We see Jupiter raising his right arm to hurl a second thunderbolt at a man caught in the act of defecating. He is already falling to the ground from the effects of the first thunderbolt; we see its three top prongs sticking out of the man's back, just behind his head. The artist has emphasized Jupiter's might by placing him above the man, and by making him twice the size of his poor victim. Jupiter's powerful pose—right arm extended, right leg flexed, and left leg extended—harks back to classical models. But if Jupiter is all power, the man is all weakness. His nearly limp right arm searches for support. Rather than showing the man crouching todefecate, the artist has (more tastefully?) suggested that he has been crouching by showing the front of the man's tunic pulled up to his genitals and by depicting the deep bend of his knees. In a word, the man is about to fall forward on his face from what had been a defecating crouch.
As Clarke points out, there are inscriptions warning against this type of punishment for this type of offense, e.g. Corpus Inscriptionum Latinarum (CIL) IV.7716:
Defecator, watch out for trouble; or, if you act with disrespect, may you have Jupiter angry.

cacator cave malu(m) aut si contempseris habeas Iove(m) iratum
One could here mentally supply either cave (ne facias) malum = beware lest you commit a nuisance, or cave (ne patiare) malum = beware lest you suffer a punishment.

Similarly, CIL VI.29848b warns:
Whoever urinates or defecates here, may he have the twelve gods and Diana and Jupiter best and greatest angry.

duodeci(m) deos et Deana(m) et Iovem Optumu(m) Maximu(m) habeat iratos quisquis hic mixerit aut cacarit
Individual gods are not named in CIL VI.13740:
He who urinates or defecates here, may he have the gods above and below angry.

qui hic mixerit aut cacarit, habeat deos superos et inferos iratos
In Greek inscriptions we also find this turn of phrase (e.g. Tituli Asiae Minoris V,2 1371, from Lydia: τοὺς ἐπουρανίους καὶ καταχθονίους θεοὺς κεχολωμένους ἔχοισαν = may they have the gods above and below angry), but I haven't noticed any Greek inscriptions where this is the punishment for urination or defecation in an inappropriate place. I haven't searched much beyond the discussions of protection of Greek tombs and accompanying curses in Richmond Lattimore, Themes in Greek and Latin Epitaphs (1935; rpt. Urbana: University of Illinois Press, 1962), pp. 106-118, and Erwin Rohde, Psyche: The Cult of Souls and Belief in Immortality among the Ancient Greeks, 8th ed., tr. W.B. Hillis (1925; rpt. Chicago: Ares Publishers, 1987), pp. 525-526 and notes on pp. 552-554.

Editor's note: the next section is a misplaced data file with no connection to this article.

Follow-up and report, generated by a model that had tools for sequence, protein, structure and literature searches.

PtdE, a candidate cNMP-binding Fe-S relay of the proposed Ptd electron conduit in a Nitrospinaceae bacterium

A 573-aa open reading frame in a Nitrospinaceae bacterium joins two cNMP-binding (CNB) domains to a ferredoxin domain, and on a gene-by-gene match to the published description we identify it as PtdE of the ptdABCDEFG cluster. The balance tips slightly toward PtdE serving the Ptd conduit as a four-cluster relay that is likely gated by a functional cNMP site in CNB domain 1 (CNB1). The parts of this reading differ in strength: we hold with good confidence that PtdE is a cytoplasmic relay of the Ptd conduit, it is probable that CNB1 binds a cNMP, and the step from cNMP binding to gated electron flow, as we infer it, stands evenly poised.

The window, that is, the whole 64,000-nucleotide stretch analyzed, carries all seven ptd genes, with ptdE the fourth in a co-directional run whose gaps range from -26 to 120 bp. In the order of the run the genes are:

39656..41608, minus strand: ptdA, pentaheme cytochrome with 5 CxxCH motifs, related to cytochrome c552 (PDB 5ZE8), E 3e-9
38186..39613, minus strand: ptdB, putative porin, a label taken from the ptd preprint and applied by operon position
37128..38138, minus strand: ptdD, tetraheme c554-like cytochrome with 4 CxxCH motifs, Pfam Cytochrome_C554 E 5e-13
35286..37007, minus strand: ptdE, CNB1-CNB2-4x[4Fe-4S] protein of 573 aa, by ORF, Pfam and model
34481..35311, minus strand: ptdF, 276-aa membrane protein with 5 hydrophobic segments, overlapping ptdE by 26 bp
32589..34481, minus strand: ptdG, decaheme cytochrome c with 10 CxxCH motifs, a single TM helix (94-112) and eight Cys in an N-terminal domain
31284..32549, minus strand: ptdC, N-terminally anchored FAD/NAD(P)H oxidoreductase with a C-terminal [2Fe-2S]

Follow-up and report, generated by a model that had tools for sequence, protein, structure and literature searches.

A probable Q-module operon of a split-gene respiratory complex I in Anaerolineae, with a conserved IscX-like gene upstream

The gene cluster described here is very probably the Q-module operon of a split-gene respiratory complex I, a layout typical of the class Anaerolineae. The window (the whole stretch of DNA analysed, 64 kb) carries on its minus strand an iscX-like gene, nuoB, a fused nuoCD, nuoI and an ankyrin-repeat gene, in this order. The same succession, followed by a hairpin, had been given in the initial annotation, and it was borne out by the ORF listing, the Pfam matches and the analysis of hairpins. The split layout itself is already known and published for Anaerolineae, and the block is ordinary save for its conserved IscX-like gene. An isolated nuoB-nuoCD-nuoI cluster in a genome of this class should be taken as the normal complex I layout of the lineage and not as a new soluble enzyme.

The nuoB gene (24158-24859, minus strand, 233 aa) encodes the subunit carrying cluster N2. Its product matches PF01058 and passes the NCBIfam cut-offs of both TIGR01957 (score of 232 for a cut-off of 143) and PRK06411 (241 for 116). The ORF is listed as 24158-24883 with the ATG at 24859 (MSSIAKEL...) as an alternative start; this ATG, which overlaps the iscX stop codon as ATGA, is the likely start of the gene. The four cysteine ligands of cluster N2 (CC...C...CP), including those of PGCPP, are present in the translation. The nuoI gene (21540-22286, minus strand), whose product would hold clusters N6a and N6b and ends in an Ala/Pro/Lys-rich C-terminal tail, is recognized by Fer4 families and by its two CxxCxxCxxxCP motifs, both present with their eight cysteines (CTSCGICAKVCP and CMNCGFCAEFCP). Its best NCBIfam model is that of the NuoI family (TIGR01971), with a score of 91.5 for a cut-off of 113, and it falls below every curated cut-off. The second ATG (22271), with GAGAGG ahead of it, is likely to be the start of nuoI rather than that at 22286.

There is an interesting variation on the turn of phrase in CIL III.1966 (from Salona in Dalmatia):
Whoever refrains from placing dung in this area or defecating or urinating, may he have these favorable; but if he neglects the warning, watch out!

quisqu(e) in eo vico stercus non pos(u)erit aut non cacaverit aut non miaverit is habeat illas propitias, si neglexerit viderit
These = goddesses (triple Hecate).

The Stoic philosopher Chrysippus criticized urination in holy places, according to Plutarch, On the Contradictions of the Stoics 22.2, p. 1045 a (tr. E. Smith):
Yet he again in his Fifth Book of Nature says, that Hesiod rightly forbids the making water into rivers and fountains, and that we should rather abstain from doing this against any altar, or statue of the Gods; and that it is not to be admitted for an argument, that dogs, asses, and young children do it, who have no discretion or consideration of such things.

ἐν δὲ τῷ πέμπτῳ πάλιν περὶ Φύσεως λέγει καλῶς μὲν ἀπαγορεύειν τὸν Ἡσίοδον εἰς ποταμοὺς καὶ κρήνας οὐρεῖν, ἔτι δὲ μᾶλλον ἀφεκτέον εἶναι τοῦ πρὸς βωμὸν οὐρεῖν ἢ ἀφίδρυμα θεοῦ· μὴ γὰρ εἶναι πρὸς λόγον, εἰ κύνες καὶ ὄνοι τοῦτο ποιοῦσι καὶ παιδάρια νήπια, μηδεμίαν ἐπιστροφὴν μηδ´ ἐπιλογισμὸν ἔχοντα περὶ τῶν τοιούτων.
The Latin poet Persius was a Stoic, and it was said (Suetonius, Life of Persius) that he owned seven hundred volumes of the writings of Chrysippus. It is not surprising, therefore, that in Persius' first Satire (lines 112-114, tr. Susanna Morton Braund) we find a reference to prohibitions against these acts of desecration:
Will that do? "Defecation prohibited here," you say. Paint up two snakes: "Lads, this place is off limits—piss outside."

hoc iuvat? "hic" inquis "veto quisquam faxit oletum."
pinge duos anguis: "pueri, sacer est locus, extra
"Off limits" is sacred, holy (sacer), hence protected.

Persius was a contemporary of the Roman emperor Nero, and Suetonius, Life of Nero 56 (tr. J.C. Rolfe), testifies to Nero's disregard of the prohibition: